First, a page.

...splitting time with Giovanni Bernard at St. Thomas Aquinas High School in Fort Lauderdale, Florida - where his creative writing teacher pinned his nickname on him - then with names like John Clay, Montee Ball and Melvin Gordon in his four seasons at the University of Wisconsin, taking a back seat to all three, but still able to distinguish himself.

In 2010, he was named Big Ten Freshman of the Year after putting up a stat line of 1052 yards on just 156 carries, a mammoth 6.7 yards per carry, and finding paydirt 14 times.  With Ball ahead of him in his Sophomore and Junior seasons, his touches went down precipitously, though he was still able to maintain an average of over six yards per carry...

...and then enjoyed his finest season as a Senior, logging 1444 yards on 215 carries and putting himself on the radar for selection in the NFL draft.

Fighting the notion that Wisconsin running backs' numbers and talent were inflated due to the exceptional quality of the Badgers run blocking scheme - and the subsequent busts of high draft picks Ron Dayne, Clay and Ball through the recent past did nothing but encourage the notion - it was clear that New England Patriots' head ball coach Bill Belichick saw White as a passing back, a Shane Vereen-like talent, breaking the mold of big-bodied Badgers bell cows.

So sharing the backfield with other talented runners was nothing new to White, as he found himself competing for touches with seasoned NFL veterans in LeGarrette Blount and Dion Lewis - and it took injuries to both during the 2015 season for White to get his shot to show what he could do for the Patriots, the momentum from the stretch run spilling over into the 2016 season, when White subtly emerged as a legitimate weapon.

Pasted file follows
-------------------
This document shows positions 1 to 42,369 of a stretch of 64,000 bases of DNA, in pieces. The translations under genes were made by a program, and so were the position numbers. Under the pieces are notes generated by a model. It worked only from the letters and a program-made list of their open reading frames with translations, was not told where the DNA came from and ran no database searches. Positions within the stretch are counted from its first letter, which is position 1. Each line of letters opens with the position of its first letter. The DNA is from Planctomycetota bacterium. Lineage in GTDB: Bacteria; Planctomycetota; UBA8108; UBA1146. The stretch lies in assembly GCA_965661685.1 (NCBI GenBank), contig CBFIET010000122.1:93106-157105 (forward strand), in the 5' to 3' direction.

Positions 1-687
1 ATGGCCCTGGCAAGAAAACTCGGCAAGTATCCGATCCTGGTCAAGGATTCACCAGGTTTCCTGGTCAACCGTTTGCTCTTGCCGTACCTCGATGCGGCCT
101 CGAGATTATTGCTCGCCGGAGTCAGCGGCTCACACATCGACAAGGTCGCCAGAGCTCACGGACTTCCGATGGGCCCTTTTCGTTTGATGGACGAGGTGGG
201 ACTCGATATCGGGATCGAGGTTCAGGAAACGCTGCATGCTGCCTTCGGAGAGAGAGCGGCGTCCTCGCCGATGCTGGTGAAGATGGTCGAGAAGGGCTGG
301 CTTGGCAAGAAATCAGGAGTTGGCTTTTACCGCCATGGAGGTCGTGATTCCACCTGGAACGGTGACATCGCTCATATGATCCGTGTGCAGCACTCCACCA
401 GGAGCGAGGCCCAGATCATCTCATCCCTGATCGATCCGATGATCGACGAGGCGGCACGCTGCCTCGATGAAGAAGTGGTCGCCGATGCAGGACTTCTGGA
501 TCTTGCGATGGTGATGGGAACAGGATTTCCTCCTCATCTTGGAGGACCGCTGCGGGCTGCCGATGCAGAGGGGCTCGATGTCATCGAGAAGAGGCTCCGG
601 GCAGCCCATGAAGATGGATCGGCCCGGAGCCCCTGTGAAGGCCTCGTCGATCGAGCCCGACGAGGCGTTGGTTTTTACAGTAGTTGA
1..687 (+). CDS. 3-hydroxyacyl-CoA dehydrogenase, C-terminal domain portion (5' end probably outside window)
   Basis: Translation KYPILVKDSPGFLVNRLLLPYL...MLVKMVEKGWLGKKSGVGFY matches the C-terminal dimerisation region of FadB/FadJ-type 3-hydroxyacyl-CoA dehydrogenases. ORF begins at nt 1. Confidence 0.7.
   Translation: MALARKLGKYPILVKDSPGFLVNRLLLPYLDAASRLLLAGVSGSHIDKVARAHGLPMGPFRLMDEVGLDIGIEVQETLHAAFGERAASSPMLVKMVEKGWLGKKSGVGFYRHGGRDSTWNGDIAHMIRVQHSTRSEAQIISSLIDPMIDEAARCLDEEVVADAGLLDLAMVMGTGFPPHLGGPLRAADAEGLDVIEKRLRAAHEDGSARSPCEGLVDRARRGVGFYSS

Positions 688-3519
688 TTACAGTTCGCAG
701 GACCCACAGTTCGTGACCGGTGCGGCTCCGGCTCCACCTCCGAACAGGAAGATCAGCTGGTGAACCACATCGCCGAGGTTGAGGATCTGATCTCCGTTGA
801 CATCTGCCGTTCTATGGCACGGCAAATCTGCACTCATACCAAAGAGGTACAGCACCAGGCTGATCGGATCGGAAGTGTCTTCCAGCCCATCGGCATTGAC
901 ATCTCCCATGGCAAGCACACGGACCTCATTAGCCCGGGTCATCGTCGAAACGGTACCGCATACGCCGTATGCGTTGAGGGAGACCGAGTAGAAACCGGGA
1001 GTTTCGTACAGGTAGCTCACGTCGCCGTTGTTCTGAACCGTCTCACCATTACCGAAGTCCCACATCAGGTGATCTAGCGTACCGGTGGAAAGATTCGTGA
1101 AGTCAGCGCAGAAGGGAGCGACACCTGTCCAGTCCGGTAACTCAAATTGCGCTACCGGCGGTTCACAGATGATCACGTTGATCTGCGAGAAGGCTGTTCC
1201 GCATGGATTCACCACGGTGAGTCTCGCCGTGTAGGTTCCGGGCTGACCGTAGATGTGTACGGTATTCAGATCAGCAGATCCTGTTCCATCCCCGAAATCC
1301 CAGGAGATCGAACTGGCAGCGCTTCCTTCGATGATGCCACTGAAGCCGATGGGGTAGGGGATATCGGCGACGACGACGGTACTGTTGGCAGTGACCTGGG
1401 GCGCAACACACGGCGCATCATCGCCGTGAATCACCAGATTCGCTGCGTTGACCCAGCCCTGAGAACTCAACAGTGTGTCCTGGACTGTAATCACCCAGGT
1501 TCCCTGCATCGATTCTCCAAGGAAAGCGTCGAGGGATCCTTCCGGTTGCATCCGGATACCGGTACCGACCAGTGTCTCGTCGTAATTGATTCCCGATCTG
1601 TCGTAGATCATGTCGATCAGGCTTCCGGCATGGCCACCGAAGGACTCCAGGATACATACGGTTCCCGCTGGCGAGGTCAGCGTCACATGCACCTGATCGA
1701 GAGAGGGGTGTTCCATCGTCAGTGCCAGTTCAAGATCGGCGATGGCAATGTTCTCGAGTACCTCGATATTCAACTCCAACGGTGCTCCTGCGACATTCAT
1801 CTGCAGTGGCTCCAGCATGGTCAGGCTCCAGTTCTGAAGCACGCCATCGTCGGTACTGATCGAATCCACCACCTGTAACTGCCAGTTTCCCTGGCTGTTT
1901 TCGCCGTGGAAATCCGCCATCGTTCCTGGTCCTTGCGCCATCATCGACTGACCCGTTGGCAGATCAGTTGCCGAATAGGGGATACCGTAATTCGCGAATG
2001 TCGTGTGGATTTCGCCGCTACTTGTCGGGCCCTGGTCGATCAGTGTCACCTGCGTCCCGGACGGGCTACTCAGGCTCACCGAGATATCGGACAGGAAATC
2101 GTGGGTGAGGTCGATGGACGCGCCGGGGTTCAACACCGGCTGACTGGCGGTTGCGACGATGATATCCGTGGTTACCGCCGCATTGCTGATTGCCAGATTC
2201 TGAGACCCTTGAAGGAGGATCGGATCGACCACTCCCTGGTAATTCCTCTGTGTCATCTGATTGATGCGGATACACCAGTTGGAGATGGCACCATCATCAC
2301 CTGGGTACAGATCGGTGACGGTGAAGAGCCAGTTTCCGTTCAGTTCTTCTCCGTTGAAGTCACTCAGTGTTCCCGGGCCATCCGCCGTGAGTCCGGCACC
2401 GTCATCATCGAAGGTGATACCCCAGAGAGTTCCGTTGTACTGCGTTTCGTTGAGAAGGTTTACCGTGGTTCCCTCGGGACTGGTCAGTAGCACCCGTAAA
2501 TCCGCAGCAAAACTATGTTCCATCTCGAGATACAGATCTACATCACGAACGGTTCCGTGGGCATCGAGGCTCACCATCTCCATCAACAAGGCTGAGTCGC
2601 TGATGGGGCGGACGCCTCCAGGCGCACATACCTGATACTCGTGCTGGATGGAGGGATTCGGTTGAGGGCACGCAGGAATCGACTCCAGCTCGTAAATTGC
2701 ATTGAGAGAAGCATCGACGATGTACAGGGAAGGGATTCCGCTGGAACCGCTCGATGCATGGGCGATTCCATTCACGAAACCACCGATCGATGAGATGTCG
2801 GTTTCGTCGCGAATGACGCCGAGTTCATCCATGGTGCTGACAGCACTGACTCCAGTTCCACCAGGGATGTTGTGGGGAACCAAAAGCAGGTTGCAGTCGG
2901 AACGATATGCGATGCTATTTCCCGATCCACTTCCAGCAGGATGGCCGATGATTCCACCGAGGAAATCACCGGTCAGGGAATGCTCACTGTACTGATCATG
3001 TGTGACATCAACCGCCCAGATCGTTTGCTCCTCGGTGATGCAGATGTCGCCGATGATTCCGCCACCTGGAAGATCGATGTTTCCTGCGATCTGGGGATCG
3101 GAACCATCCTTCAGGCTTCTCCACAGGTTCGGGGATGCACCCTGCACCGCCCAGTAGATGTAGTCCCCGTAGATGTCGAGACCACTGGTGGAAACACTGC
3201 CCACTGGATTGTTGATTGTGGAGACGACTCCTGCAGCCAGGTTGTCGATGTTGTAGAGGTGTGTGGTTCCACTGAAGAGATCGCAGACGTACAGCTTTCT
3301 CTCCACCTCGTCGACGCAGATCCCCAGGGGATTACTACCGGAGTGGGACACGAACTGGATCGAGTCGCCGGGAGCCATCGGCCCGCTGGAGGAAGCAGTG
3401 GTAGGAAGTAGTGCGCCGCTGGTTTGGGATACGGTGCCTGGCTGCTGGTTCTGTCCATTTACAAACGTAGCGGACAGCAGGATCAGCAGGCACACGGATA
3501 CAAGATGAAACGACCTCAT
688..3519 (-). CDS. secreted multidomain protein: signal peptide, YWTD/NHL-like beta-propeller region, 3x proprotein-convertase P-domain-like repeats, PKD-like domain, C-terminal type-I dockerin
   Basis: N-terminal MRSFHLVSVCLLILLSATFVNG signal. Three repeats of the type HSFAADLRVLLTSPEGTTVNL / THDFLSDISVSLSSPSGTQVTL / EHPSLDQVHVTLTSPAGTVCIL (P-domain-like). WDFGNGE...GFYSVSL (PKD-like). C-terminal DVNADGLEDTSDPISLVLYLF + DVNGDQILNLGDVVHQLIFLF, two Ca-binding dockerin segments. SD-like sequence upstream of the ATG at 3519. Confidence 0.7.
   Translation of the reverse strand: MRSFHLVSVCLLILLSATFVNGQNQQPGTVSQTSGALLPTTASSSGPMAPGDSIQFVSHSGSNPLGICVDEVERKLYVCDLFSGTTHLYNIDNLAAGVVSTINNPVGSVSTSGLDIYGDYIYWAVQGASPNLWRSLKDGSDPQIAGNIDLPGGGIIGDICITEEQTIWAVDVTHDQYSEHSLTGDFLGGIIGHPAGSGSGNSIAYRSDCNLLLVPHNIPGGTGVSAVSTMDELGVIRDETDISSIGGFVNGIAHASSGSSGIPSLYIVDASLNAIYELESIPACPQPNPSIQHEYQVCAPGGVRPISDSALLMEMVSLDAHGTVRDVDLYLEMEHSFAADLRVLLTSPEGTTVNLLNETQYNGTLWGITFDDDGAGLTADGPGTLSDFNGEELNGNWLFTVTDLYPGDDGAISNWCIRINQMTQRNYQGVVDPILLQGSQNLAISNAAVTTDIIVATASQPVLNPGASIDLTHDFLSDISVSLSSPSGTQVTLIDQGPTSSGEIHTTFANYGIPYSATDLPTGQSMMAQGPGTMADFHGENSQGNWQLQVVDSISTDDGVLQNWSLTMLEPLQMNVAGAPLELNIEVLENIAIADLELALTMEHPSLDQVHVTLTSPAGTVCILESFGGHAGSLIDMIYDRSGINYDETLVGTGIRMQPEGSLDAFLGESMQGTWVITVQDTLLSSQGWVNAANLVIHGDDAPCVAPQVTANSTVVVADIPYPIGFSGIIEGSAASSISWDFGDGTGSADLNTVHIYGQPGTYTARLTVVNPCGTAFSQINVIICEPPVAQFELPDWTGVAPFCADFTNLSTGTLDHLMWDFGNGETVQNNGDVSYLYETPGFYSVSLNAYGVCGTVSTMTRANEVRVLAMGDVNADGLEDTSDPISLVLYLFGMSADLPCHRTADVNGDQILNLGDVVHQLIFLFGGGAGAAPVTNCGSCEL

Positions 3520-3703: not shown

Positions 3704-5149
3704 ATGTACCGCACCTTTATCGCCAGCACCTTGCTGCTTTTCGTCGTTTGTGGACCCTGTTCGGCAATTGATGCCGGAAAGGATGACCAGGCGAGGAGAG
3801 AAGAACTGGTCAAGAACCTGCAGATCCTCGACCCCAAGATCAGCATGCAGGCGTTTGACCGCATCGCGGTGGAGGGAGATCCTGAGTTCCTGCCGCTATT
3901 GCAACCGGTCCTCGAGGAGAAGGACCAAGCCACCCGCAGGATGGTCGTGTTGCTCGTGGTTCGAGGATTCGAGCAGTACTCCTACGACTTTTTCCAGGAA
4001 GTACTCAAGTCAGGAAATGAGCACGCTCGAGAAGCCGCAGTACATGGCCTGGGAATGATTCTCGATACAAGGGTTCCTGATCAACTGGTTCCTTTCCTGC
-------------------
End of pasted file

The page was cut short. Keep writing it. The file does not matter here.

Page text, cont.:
There's that word.  Subtle.  It may be the best way to describe White's running style, as when used as an adjective, the word is defined as "being so delicate or precise as to be difficult to analyze or describe" - which certainly pertains to his elusiveness, utilizing a toe drag that would make a hockey player envious and a stutter step that leaves linebackers grasping at air.

He doesn't have pronounced video game moves, so he's not thought of as an explosive runner, and he doesn't possess blazing speed, so he's not what one might consider a home run threat - what he is, is dependable and consistent, and he gets what the Patriots' offense is all about.

White very quietly had the best season for a passing back in Belichick's nearly two decades long tenure as master of the franchise, surpassing Vereen and the great Kevin Faulk for catches in a season with 60 and averaging nearly 10 yards per catch - but he was rarely used in the running game for the third consecutive year, averaging 4.3 yards on 40 carries.

And he had no carries at all in the divisional round of the playoffs against Houston and just one inconsequential touch in the AFC Championship game against Pittsburgh as Blount and Lewis shouldered the load on the ground for New England - but when Belichick called his name in the Super Bowl, White delivered perhaps the most epic performance in the history of the game.

Eight of his touches went for first downs, three went for touchdowns and one went for a crucial two-point conversion, meaning that 12 of his twenty touches either moved the chains or caused numbers to change on the scoreboard - and most of that happening at just about the time that quarterback Tom Brady caught on fire.

White is the latest example of what Belichick describes as the kind of "Smart, tough, dependable" player that he's come to count on the most when the chips are down.

"In critical situations, you can count on those players to perform under pressure.  You can count on those players to execute what you want to execute as a team." Belichick said recently at a coaching clinic at Ohio State University. "The tougher the game, the more critical the game, the more important the situation, the more I want the tough, smart, dependable player in the game, in the eye of the storm."